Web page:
Supreme Court of Texas.
Dutch HINES, Petitioner,
C.W. HASH, Jr., Respondent.
Dec. 9, 1992.
Rehearing Overruled Jan. 27, 1993.
Attorneys & Firms
*465 William F. Warnick, Lubbock, for petitioner.
Tom J. Brian, Crosbyton, Ralph H. Brock, Lubbock, for respondent.
The Texas Deceptive Trade Practices—Consumer Protection Act provides that “[a]s a prerequisite to filing a suit seeking damages” under the Act, “a consumer shall give written notice” to the defendant of his complaint. TEX.BUS. & COM.CODE § 17.505(a). We granted writ of error in this case to consider the proper application of this provision.
Dutch Hines sued C.W. Hash, Jr. for damages under the DTPA, complaining that the roof Hash had installed on his home leaked. In his original petition Hines alleged that notice of his claim had been sent to Hash by certified mail, return receipt requested, and had been returned unclaimed. In his original answer, Hash asserted as an affirmative defense that he had never received any notice of Hines’ complaint until he was served with suit papers, and therefore had not been able to tender Hines a settlement offer. However, Hash never requested the trial court to abate the suit so that he could make such an offer, nor does it appear that he was prevented from making a settlement offer even without the abatement. The evidence at trial concerning notice was undisputed. The notice letter to Hash and the envelope in which it was sent were admitted into evidence, showing three unsuccessful attempts at delivery before it was returned to Hines. Hash did not dispute that the envelope was accurately addressed to him. In fact, he testified he knew at the time that he had a certified letter at the post office but did not pick it up because he was leaving town each morning before the post office opened to work in another city and was not returning home until after the post office closed. He also testified that it was not convenient for him to arrange to have someone else pick up the letter. Hines did not challenge Hash’s explanation for not having received the letter. Hash moved for an instructed verdict after Hines rested and again at the close of all the evidence, urging lack of notice as a complete bar to Hines’ claim. The trial court denied Hash’s motions and refused Hash’s requested jury question on the issue of notice. The jury found that Hash knowingly violated the DTPA in several particulars and assessed Hines’ actual damages at $9,249.00. The trial court rendered judgment on the verdict for a total of $35,822.67, which included actual damages, twice that sum in statutory damages, prejudgment interest of $4,225.67, and attorney fees of $3,850.00.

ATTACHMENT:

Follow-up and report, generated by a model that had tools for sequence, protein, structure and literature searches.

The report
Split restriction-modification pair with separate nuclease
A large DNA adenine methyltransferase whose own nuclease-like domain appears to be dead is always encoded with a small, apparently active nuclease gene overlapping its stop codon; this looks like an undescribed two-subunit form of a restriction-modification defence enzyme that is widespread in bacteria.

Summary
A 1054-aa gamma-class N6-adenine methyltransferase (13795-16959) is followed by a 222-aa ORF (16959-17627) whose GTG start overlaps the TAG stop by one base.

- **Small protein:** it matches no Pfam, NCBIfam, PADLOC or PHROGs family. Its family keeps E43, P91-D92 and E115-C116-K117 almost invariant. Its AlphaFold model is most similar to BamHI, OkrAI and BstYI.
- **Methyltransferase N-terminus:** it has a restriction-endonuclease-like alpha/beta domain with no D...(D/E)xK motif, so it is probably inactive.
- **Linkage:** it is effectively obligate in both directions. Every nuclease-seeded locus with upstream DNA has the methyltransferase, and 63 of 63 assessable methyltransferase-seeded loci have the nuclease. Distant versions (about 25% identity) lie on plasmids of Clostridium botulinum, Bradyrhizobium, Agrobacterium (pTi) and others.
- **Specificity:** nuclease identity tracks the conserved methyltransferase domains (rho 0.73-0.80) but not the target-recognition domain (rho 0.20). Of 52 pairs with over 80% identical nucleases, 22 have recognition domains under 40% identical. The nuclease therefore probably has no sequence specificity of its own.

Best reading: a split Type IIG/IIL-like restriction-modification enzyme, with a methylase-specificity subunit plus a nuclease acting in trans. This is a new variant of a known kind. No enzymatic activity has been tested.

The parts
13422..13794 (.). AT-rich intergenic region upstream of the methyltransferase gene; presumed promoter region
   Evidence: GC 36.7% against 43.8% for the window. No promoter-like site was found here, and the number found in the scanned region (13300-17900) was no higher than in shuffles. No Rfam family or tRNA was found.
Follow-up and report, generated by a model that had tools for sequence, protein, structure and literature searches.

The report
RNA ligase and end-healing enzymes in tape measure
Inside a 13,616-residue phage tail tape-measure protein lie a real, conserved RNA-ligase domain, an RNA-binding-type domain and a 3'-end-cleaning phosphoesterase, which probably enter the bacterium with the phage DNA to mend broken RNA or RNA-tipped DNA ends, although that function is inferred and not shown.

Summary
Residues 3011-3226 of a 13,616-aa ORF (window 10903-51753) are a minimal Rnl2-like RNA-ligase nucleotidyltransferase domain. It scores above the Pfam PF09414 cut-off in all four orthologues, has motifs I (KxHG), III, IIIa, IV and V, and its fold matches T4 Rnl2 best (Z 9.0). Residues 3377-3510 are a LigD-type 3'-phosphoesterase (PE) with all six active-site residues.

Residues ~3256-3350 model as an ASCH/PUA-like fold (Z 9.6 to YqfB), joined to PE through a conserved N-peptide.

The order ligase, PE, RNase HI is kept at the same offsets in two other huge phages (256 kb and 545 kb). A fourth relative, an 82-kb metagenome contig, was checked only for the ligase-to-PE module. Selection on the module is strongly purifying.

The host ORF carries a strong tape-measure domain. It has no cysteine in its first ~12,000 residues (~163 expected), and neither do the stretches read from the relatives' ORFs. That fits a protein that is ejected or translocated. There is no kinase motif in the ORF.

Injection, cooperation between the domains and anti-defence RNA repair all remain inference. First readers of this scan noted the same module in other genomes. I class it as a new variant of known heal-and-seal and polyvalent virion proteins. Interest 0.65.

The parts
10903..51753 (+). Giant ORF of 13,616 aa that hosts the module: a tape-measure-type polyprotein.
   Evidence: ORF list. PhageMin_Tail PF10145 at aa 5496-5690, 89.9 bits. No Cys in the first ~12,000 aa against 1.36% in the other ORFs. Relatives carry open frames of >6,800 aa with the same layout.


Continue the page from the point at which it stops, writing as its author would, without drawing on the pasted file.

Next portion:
The court of appeals, noting a lack of uniformity in the cases applying the notice requirement in the DTPA, held that the DTPA mandates actual delivery of notice. 796 S.W.2d at 315. To Hash’s argument that this result allowed Hines to disregard the statutory notice requirement without penalty, the court answered that a new trial was penalty enough. Id.
Hines argues that the notice required by the DTPA is given when it is mailed to the defendant at the correct address, regardless of whether it is actually received. Thus, Hines contends that he fully complied with the DTPA. He also argues that even if actual delivery is required, his failure to give notice should not result in reversal of the trial court’s judgment and remand for proper notice and a new trial. We find it necessary to address only the latter argument. Before we do, we examine the history of the statutory provision and the cases applying it.
There was no notice provision in the DTPA as originally enacted in 1973. Deceptive Trade Practices—Consumer Protection Act (approved May 21, 1973), 63rd Leg., R.S., ch. 143, § 1, 1973 Tex.Gen.Laws 322. It was added in 1977 by the following provision:
§ 17.50A. Damages: Defenses
In an action brought under Section 17.50 of this subchapter, actual damages only and attorney’s fees reasonable in relation to the amount of work expended and court costs may be awarded where the defendant:
. . . . .
(2) proves that he had no written notice of the consumer’s complaint before suit was filed, or that within 30 days after he was given written notice he tendered to the consumer (a) the cash value of the consideration received from the consumer or the cash value of the benefit promised, whichever is greater, and (b) the expenses, including attorney’s fees, if any, reasonably incurred by the consumer in asserting his claim against the defendant....